Insurance is in existence simply because risks of accidents occurring are in existence. Everyone faces the probability that they could be involved in some sort of accident, whether it is an auto, fire, theft or health accident. Everyday people put themselves at risk for accidents when they are at home, traveling, working, and carrying out normal, everyday activities.

While insurance does not remove the chances of an accident occurring, it does provide a cushion for the financial impact that an accident has on the people that are involved. Insurance simply exists to benefit those who have been a victim of an accident and helps these individuals bounce back from the financial strains of being involved in an accident, whether they caused it or not. In short, insurance works by transferring the risks from the insured to the insurance company, who is assuming financial responsibility for the accident after the insured has paid a premium to them for ‘just in case’ occurrences.

Some forms of insurance began when voyagers first began traveling overseas for trading purposes by protecting themselves from the risks of financial loss due to accidents or other occurrences. In the United States, Benjamin Franklin was the first person recognized as making insurance known to everyday people and to make insurance purchases a common practice.

Insurance works by what is known to economists as the law of large numbers, which means that for an insurance company to cover the losses of its insured, it must collect a premium from a large number of people. Essentially, this means that people are paying premiums into a large type of savings account that sits there, ready to pay out to those who experience covered losses. Insurance companies have spent years evaluating risks and what premiums should be according to an individual’s likelihood of experiencing a loss. Learn about Aviva Life Insurance. Also make sure to visit Buy Comminsure Life Insurance.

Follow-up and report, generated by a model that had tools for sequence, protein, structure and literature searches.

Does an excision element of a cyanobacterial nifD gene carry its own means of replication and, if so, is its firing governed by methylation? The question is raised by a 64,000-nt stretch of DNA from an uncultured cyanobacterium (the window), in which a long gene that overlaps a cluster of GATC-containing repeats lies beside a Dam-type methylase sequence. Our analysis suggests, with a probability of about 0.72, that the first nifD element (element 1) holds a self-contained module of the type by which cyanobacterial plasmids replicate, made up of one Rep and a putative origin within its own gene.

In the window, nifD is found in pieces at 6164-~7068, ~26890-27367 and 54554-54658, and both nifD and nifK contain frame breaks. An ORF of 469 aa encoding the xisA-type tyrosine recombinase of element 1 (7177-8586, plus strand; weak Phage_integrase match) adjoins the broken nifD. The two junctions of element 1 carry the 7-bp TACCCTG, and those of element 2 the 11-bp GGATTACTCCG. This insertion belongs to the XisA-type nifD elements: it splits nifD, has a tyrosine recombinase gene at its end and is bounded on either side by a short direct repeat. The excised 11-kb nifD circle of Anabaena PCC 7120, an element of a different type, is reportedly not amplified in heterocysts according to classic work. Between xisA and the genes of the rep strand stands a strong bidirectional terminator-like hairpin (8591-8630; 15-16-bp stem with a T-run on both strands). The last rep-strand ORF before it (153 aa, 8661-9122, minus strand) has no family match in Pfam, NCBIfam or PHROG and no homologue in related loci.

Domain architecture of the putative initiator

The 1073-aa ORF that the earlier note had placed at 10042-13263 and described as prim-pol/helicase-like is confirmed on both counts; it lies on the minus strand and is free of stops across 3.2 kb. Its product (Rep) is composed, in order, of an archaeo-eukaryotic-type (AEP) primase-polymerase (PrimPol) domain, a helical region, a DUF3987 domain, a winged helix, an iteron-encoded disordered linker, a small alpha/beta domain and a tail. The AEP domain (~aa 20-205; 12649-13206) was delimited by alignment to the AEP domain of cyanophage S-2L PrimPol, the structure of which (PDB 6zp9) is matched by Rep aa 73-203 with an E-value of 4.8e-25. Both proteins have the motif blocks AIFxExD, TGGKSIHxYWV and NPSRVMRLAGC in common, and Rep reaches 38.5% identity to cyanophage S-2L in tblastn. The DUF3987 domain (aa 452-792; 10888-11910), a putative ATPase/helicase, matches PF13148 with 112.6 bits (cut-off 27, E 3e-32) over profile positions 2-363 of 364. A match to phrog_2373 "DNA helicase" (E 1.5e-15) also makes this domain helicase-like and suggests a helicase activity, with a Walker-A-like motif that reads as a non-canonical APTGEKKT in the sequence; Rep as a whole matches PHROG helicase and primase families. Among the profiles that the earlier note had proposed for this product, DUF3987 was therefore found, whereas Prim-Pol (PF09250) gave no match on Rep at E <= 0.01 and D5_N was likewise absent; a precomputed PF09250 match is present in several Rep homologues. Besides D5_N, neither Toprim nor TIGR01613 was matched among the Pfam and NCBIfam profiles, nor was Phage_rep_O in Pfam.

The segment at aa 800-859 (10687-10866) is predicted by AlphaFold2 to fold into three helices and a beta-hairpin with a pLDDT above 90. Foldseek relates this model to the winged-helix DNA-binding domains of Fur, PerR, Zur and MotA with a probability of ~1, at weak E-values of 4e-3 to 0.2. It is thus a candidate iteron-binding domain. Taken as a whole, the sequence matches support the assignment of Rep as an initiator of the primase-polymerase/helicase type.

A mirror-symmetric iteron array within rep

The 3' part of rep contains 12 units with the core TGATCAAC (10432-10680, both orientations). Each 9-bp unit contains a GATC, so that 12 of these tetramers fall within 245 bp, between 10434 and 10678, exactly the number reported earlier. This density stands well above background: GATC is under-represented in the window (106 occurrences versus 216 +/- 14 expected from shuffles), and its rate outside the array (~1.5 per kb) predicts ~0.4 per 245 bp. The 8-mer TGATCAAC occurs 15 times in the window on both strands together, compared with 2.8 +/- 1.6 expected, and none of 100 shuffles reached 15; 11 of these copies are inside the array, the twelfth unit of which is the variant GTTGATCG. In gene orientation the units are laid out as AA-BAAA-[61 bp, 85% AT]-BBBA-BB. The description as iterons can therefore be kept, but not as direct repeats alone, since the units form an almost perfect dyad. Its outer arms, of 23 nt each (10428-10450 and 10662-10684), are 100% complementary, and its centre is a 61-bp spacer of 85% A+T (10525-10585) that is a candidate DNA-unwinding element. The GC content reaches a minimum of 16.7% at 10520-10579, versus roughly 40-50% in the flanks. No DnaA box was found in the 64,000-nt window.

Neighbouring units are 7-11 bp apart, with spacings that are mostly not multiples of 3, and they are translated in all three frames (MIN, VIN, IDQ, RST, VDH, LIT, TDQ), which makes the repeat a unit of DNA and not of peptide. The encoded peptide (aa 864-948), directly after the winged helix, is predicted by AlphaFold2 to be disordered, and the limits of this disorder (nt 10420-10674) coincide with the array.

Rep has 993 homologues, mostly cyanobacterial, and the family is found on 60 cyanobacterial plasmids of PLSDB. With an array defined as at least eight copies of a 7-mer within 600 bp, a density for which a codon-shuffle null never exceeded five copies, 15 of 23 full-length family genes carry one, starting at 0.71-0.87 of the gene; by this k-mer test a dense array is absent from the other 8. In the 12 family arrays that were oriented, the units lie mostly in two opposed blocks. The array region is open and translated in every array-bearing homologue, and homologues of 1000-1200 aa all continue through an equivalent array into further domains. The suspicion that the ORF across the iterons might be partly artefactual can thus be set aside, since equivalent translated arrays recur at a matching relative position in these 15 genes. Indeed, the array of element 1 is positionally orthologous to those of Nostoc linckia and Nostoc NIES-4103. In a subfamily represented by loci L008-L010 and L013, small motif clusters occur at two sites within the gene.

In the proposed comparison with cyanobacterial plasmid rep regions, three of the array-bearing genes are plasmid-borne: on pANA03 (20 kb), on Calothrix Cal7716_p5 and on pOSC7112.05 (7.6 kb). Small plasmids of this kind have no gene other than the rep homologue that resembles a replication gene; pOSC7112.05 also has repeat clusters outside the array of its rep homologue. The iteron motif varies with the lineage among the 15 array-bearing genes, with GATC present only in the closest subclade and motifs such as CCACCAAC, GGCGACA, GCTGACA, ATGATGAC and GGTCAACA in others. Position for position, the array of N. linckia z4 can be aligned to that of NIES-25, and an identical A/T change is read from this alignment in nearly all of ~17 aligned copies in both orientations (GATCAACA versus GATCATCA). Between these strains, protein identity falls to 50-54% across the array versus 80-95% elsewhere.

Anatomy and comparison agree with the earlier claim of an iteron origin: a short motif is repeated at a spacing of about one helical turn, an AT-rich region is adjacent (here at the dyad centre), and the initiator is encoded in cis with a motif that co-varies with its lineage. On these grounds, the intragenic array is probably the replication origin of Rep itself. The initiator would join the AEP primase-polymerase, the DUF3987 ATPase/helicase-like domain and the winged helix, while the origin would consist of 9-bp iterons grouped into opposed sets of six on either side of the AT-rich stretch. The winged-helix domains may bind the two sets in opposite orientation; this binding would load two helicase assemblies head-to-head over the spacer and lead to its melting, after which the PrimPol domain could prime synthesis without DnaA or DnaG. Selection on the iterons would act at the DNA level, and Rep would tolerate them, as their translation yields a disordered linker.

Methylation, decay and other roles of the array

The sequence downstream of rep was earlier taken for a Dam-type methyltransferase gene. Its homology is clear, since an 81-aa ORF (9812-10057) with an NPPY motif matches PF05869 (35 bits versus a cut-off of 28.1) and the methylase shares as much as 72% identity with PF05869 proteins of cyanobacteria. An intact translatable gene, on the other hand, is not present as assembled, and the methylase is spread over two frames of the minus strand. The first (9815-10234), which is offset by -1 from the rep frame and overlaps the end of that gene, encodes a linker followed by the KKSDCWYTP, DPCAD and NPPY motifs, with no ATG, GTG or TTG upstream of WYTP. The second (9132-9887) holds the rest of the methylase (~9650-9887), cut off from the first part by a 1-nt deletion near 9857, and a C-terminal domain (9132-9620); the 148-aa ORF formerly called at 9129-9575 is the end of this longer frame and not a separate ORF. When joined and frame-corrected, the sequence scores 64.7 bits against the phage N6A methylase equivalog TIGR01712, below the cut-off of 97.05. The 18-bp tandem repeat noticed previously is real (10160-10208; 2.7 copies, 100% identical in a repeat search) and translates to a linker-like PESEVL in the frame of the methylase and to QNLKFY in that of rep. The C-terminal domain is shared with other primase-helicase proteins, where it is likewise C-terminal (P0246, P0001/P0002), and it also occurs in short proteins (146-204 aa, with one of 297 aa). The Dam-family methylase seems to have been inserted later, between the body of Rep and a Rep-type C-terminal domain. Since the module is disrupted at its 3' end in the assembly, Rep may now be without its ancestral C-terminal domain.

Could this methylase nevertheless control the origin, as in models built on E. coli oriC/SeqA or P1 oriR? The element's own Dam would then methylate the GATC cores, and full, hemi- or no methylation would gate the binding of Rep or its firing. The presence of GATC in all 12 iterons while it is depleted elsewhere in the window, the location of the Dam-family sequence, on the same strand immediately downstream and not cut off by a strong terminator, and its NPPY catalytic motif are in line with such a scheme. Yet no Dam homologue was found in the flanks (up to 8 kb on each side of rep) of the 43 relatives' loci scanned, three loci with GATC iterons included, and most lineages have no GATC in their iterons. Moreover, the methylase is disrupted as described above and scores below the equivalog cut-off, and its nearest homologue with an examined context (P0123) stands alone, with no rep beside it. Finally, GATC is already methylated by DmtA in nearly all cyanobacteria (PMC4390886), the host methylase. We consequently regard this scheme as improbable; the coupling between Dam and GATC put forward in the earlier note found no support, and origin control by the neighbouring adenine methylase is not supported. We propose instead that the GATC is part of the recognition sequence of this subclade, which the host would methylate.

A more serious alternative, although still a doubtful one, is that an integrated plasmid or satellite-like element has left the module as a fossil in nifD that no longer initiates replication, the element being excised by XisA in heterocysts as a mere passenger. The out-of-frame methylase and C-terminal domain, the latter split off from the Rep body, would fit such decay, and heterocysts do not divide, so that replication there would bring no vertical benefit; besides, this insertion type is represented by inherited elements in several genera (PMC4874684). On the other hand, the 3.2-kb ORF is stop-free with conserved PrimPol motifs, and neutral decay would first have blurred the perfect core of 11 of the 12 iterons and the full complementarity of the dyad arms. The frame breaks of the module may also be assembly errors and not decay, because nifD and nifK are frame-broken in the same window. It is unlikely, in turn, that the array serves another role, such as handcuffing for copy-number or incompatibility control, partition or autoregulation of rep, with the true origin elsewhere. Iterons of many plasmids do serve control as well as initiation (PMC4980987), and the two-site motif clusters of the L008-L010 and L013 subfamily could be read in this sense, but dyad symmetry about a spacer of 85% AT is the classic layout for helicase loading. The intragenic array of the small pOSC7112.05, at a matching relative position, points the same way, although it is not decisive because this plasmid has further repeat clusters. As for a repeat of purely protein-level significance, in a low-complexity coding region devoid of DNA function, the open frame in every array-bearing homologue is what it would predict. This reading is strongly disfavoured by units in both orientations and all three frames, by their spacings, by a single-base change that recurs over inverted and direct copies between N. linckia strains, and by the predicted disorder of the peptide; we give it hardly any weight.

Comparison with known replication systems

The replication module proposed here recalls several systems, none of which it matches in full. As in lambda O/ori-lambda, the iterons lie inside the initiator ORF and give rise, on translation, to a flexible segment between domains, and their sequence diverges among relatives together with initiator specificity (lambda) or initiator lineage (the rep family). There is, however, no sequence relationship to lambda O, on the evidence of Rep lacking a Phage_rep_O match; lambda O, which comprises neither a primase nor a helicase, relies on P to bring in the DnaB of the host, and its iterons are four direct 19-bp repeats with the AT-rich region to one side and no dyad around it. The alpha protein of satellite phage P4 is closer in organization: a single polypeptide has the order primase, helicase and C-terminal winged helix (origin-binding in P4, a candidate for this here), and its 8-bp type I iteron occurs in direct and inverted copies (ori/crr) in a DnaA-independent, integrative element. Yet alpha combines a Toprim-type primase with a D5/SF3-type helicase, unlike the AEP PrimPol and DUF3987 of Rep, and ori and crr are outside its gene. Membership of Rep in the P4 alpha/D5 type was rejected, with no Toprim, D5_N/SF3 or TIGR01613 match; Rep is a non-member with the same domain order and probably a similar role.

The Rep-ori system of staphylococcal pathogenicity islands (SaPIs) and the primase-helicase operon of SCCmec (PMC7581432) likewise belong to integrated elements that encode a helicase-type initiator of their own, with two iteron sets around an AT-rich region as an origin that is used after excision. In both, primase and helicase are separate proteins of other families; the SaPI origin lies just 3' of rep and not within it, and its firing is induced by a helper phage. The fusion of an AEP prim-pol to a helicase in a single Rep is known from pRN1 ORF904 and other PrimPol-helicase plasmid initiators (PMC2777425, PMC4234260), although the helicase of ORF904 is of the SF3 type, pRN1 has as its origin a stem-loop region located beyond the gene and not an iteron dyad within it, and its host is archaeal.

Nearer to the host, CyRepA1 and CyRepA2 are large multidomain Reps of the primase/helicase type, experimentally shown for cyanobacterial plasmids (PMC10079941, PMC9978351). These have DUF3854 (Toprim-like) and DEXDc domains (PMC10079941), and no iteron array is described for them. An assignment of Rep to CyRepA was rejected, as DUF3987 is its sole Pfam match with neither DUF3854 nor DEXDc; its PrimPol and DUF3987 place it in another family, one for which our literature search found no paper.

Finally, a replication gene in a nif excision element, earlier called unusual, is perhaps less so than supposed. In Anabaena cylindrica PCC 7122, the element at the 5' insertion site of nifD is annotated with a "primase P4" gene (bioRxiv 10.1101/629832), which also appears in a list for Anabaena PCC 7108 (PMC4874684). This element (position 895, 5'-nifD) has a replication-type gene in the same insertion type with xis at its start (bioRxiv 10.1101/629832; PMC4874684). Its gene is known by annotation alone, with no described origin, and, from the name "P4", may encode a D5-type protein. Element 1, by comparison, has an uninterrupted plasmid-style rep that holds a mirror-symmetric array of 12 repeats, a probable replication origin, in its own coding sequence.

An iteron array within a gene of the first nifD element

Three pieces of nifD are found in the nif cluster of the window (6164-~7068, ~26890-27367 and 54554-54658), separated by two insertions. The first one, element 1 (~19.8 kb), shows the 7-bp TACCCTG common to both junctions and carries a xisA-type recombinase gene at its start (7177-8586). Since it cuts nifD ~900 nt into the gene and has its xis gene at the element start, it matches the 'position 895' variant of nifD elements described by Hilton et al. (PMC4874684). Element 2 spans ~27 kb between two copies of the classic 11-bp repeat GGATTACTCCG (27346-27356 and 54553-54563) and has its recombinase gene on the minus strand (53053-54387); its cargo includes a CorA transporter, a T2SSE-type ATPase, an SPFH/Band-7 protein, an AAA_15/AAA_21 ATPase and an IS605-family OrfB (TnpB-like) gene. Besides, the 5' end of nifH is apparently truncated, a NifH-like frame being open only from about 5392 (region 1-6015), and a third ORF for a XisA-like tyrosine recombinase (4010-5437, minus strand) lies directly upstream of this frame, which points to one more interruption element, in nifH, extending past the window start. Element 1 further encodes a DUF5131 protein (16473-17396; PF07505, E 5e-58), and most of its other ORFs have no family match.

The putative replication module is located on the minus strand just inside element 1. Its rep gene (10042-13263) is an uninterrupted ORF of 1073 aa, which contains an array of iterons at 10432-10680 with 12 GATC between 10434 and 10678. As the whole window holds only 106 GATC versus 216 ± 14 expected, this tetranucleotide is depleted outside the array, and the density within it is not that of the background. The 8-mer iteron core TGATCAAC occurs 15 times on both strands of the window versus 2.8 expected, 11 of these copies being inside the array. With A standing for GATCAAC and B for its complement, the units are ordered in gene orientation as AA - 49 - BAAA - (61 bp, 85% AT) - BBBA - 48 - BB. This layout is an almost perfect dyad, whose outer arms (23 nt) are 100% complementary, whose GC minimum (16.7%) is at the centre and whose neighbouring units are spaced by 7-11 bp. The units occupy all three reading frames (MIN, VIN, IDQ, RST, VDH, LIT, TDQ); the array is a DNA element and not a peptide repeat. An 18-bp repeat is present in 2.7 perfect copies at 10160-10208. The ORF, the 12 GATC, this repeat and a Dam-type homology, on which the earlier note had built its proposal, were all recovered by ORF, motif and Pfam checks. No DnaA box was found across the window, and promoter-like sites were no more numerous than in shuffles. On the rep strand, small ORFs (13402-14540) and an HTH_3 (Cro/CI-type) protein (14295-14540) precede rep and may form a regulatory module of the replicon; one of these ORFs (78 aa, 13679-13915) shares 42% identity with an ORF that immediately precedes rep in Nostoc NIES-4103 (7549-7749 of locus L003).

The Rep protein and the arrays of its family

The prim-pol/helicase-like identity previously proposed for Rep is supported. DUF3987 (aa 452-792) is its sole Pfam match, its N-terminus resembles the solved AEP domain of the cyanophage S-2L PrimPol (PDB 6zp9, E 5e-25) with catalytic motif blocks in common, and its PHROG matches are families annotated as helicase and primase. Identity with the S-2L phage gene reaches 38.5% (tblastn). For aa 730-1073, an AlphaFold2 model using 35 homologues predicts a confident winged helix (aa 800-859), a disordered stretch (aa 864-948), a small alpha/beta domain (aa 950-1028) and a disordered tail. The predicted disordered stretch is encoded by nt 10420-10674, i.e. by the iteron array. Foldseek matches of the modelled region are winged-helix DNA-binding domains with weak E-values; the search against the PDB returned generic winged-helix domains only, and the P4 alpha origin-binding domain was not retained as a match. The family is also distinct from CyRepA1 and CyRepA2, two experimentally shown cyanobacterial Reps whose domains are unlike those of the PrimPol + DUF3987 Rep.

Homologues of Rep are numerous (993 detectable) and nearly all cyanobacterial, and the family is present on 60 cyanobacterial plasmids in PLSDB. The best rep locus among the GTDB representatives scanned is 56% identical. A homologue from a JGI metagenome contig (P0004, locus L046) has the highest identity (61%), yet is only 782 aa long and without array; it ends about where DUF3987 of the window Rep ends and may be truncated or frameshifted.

For example, when an insurance company writes a car insurance policy, they consider the driver’s age, sex, location in which they live, the type of car they drive, and the person’s driving history in order to make assumptions about what kind of risks they are taking on as a company. It’s a well known fact that teenagers pay a large premium because they statistically have a large number of risks according to the law of large numbers. This same idea is applied to any type of insurance, such as liability insurance, life insurance, commercial insurance for businesses, and other special forms of insurance.

Insurance works by collecting premium from a large pool of insured individuals, considering the statistics on the likelihood of a loss occurring, and then collecting premium from the insured individuals so that if there is a loss, the insurance company is not going to experience a financial loss. Another simple way to think of insurance is a savings account for ‘just in case’ scenarios: as an insured, you are placing money into a safe place that can be used to give you back what you have lost if an accident occurs. Insurance is exactly what it sounds to be: protection from potential loss.

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